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Environment


 

  • Environment is derived from the French word Environner, which means to encircle or surround. All the biological and non-biological entities surrounding us are included in environment.
  • The flora, fauna and micro-organisms as well as the man- made structures in our surroundings have a bi-directional interaction with us directly or indirectly. The totality of all these components and their interactions constitute the environment.

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TYPES OF ENVIRONMENT

  • It is not just consists of the natural surroundings, but also those components of surrounding, which are man-made as well as the social and cultural aspects of the surroundings
  • Three types of environment- Natural, Man-made, and Social.
  • Natural Environment consists of two types of components abiotic and biotic.
  • Abiotic components are those, which are non-living things, while the biotic components are living things in the natural environment.
  • Man-made environment consists of those places, which are artificially made by man by planned manipulation which includes crops fields, cities, industrial space, airports, space station etc.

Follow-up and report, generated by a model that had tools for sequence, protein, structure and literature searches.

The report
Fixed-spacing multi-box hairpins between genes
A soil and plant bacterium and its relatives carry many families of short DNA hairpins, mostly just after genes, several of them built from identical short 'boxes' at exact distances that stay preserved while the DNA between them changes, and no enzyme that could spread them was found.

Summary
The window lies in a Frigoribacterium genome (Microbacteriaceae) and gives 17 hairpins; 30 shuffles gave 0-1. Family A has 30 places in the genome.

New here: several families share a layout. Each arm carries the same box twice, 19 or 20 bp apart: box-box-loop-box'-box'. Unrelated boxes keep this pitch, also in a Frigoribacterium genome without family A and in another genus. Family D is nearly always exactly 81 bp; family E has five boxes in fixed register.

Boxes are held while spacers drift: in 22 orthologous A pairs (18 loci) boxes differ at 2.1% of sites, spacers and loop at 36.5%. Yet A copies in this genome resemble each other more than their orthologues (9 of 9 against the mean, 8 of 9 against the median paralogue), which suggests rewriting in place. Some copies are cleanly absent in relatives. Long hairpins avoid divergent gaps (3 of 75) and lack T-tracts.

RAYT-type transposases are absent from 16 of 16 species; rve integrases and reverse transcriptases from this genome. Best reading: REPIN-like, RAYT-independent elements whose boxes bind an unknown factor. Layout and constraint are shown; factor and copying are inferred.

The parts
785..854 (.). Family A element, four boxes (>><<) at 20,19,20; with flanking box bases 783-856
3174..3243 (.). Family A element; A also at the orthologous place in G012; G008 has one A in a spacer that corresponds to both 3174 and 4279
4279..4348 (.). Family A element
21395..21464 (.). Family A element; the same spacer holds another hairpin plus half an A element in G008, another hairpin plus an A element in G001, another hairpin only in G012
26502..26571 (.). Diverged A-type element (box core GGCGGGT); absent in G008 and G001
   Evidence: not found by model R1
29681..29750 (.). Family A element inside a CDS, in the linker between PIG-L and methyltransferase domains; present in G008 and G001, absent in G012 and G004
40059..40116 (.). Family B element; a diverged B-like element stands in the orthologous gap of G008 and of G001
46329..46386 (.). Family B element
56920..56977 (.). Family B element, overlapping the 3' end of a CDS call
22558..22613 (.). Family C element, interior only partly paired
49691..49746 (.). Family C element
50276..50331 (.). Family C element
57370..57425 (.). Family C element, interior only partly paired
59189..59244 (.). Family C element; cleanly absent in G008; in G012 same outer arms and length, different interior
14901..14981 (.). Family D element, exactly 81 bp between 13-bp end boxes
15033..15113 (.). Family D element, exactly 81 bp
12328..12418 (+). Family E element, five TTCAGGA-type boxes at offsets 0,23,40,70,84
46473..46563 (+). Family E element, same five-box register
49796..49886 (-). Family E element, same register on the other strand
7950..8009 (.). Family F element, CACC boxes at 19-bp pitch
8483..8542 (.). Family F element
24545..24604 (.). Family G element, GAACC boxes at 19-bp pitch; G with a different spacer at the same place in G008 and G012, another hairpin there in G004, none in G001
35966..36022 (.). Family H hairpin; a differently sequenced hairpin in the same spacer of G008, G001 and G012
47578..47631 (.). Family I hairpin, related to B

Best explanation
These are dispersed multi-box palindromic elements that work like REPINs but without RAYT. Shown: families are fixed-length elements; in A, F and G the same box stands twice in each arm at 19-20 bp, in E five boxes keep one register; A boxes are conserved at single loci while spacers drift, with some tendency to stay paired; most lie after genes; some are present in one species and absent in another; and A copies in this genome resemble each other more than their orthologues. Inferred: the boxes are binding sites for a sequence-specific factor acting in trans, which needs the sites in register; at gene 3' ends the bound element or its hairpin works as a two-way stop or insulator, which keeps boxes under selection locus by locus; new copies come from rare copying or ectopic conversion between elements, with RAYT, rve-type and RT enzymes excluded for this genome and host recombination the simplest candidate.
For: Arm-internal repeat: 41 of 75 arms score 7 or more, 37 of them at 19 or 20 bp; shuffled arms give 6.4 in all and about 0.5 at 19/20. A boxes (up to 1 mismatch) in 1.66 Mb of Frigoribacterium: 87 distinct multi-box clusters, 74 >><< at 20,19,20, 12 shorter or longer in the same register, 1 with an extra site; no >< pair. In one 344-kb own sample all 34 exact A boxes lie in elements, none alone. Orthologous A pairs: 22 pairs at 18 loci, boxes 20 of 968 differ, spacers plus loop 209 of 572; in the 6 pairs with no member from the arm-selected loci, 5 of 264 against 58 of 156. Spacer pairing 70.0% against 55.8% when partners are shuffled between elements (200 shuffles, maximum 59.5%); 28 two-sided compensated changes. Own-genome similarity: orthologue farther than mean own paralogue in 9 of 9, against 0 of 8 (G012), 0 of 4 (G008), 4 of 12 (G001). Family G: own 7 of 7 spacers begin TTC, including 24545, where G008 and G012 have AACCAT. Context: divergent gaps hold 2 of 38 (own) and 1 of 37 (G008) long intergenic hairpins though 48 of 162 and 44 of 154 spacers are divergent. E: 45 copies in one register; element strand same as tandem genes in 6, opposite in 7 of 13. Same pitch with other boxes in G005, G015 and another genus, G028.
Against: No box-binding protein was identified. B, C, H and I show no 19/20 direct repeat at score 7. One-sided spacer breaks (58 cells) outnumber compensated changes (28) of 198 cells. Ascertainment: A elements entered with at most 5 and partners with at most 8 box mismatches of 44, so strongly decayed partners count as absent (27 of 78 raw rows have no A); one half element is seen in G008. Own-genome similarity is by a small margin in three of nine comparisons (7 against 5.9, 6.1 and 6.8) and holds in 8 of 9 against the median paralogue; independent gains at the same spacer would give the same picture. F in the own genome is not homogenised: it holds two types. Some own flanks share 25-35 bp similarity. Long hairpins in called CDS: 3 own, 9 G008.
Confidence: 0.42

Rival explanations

• Social Environment includes cultural norms and values. Political, economical and religious institutions constitute an important part of the social milieu and often decide how the environmental resources will be utilised by people and for whose benefit these will be utilised.

STRUCTURE OF ENVIRONMENT

  • Earth’s environment can be further divided into the following four segment- Lithosphere, Hydrosphere, Atmosphere, and Biosphere.

LITHOSPHERE

  • The Earth’s crust consists of the soil and rocks are lithosphere. The soil is made up of inorganic and organic matter and water.

ROCKS

  • The earth’s crust is made up of various types of rocks that can be of different colour, size and texture.
  • There are three major types of rocks: igneous rocks, sedimentary rocks and metamorphic rocks.

IGNEOUS ROCKS

  • They are formed, when the molten magma cools and becomes solid.
  • There are two types of igneous rocks: intrusive rocks and extrusive rocks.
  • An extrusive igneous rock is formed from molten magma coming from the interior of the earth on its surface, rapidly cools down and becomes solid. Example- Basalt
  • An intrusive igneous rock is formed when the molten magma cools down deep inside the earth’s crust. Example- Granite

SEDIMENTARY ROCKS

  • It is formed by transported and deposited small fragmented rocks by wind, water etc and these loose sediments are compressed and hardened to form layers of rocks.
  • These rocks contain fossils of dead plants, animals and other microorganisms.
  • For example, sandstone is made from grains of sand.

METAMORPHIC ROCKS

  • These rocks are formed due to great heat and pressure over igneous and sedimentary rocks.

  • For example, clay changes into slate and limestone into marble.

WEATHERING OF ROCKS

  • Chemical weathering- This is a relatively slow and simple process. The major agents responsible for chemical weathering are water, air, oxygen, carbon dioxide, and other material.
  • Physical weathering- This is brought about by a mechanical process due to changes in temperature water and wind.